The perils of judging the past

This post's title comes from the L. P. Hartley quote, "The past is a foreign country; they do things differently there."

It's usually used to illustrate the problems of judging the past by our modern sensibilities.

I could name numerous examples.

One of the best is that the Church allowed some individuals to publish some Church materials and then sell them to provide an income for themselves.

We react with horror now, but this was so common during a particular time period that it would have been accepted without comment or critique back then.

In fact, we owe our knowledge of the first United States Supreme Court opinions to this system. Individuals were allowed to publish official opinions and profit from the sale of them.

Why didn't the Court itself publish them? The answer is simple. At that time, they didn't have staff or any kind of a budget. These are modern inventions.

The only ones that got paid anything were the Justices themselves. If anyone helped them in their Supreme duties they either did it for free or got paid through a path like I outlined above.

The government didn't have budgets or staff for much of its history because it didn't have any money. It only obtained these items after the federal income tax was instituted.

So, occasionally, the Church used the same system. No real surprises there.

Really?! Is that truth??

So many people have been derailed by some sort of "truth" they found in church history or thought they had found.

I marvel that people think they can shine a magnifying glass on tiny fragments of the past and think they are finding truth.

I'm skeptical and I've covered this issue in some detail before.

Look at our modern-day. People can't agree on what's happening now. Do you honestly think a historian looking at a fragment of things 100 years from now is going to be able to decipher the truth and declare with confidence something that was reputedly said or something that occurred?

Look at your own life. Could somebody write a biography of you and get it right? Wouldn't there be glaring biases and inaccuracies depending on who of your family, friends, acquaintances, and enemies they relied on?

The Journal of Discourses

Some recent monumental discoveries further discredit the Journal of Discourses.

This resource gets overused by our enemies and detractors. The Church has always known it is unreliable. It says so on its website.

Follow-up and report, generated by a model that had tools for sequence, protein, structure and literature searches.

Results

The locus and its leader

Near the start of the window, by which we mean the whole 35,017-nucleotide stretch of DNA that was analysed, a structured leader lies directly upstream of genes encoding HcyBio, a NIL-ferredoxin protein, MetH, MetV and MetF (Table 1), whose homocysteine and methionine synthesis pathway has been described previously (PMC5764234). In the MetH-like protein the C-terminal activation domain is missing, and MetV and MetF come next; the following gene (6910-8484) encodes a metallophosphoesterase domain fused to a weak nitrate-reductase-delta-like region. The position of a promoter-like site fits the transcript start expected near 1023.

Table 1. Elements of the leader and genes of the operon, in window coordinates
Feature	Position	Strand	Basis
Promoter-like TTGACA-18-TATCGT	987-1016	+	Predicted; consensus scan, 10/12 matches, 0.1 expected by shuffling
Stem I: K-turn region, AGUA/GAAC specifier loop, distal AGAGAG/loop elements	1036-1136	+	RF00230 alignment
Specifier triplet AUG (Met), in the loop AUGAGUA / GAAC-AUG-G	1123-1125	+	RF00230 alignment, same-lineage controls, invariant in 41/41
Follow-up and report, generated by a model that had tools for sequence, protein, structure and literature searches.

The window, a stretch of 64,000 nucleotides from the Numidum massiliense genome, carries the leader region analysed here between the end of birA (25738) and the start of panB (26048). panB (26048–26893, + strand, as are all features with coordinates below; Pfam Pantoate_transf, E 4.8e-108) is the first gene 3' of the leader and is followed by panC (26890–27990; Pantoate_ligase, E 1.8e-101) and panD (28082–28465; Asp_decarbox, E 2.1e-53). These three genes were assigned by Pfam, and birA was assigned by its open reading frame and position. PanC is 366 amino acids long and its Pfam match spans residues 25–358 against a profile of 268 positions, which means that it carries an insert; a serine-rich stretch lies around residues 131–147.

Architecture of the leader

None of what the Discourses contain are primary sources and no speaker ever edited their remarks for accuracy. It's not even consistent with itself.

Its accuracies and inaccuracies can only be explained by reviewing it given its context. The crucial point is this: In the past, their idea of accuracy is very different compared to our modern definition of accuracy.

Want details? Here they are in a series of three articles written by a woman who trained herself to transcribe Pitman Shorthand notes verbatim and works as a historian in the Church History Library. They are well worth your time:

Preached vs. Published: Shorthand Record Discrepancies (Part 1 of 3)

Preached vs. Published: Shorthand Record Discrepancies (Part 2 of 3)

Preached vs. Published: Shorthand Record Discrepancies (Part 3 of 3)

She tries to explain the context for how these inaccuracies were introduced into the Journal of Discourses. She doesn't know exactly why and neither do we. However, it is clear that extreme inaccuracies exist based on the Pitman Shorthand and what was eventually published.

In fact, sometimes, things were just made up and attributed to early church leaders, especially Brigham Young.

It's obvious Young has been done a disservice.

What was Brigham Young really like?

Brigham Young obviously didn't say everything we thought he said or in the way we thought he said it.

So, what assumptions can we make about him? That's anybody's guess.

The following ideas from Church historians can help:

Another one I like is Book of Mormon Central's video on Zelph. It totally upends what a lot of people currently believe:

Access the article, Who Was Zelph? for more details alluded to in the video.


The next time you are tempted to judge the past by the present, remember the lessons today's post has taught you.

The past IS a foreign country. They did things differently there.

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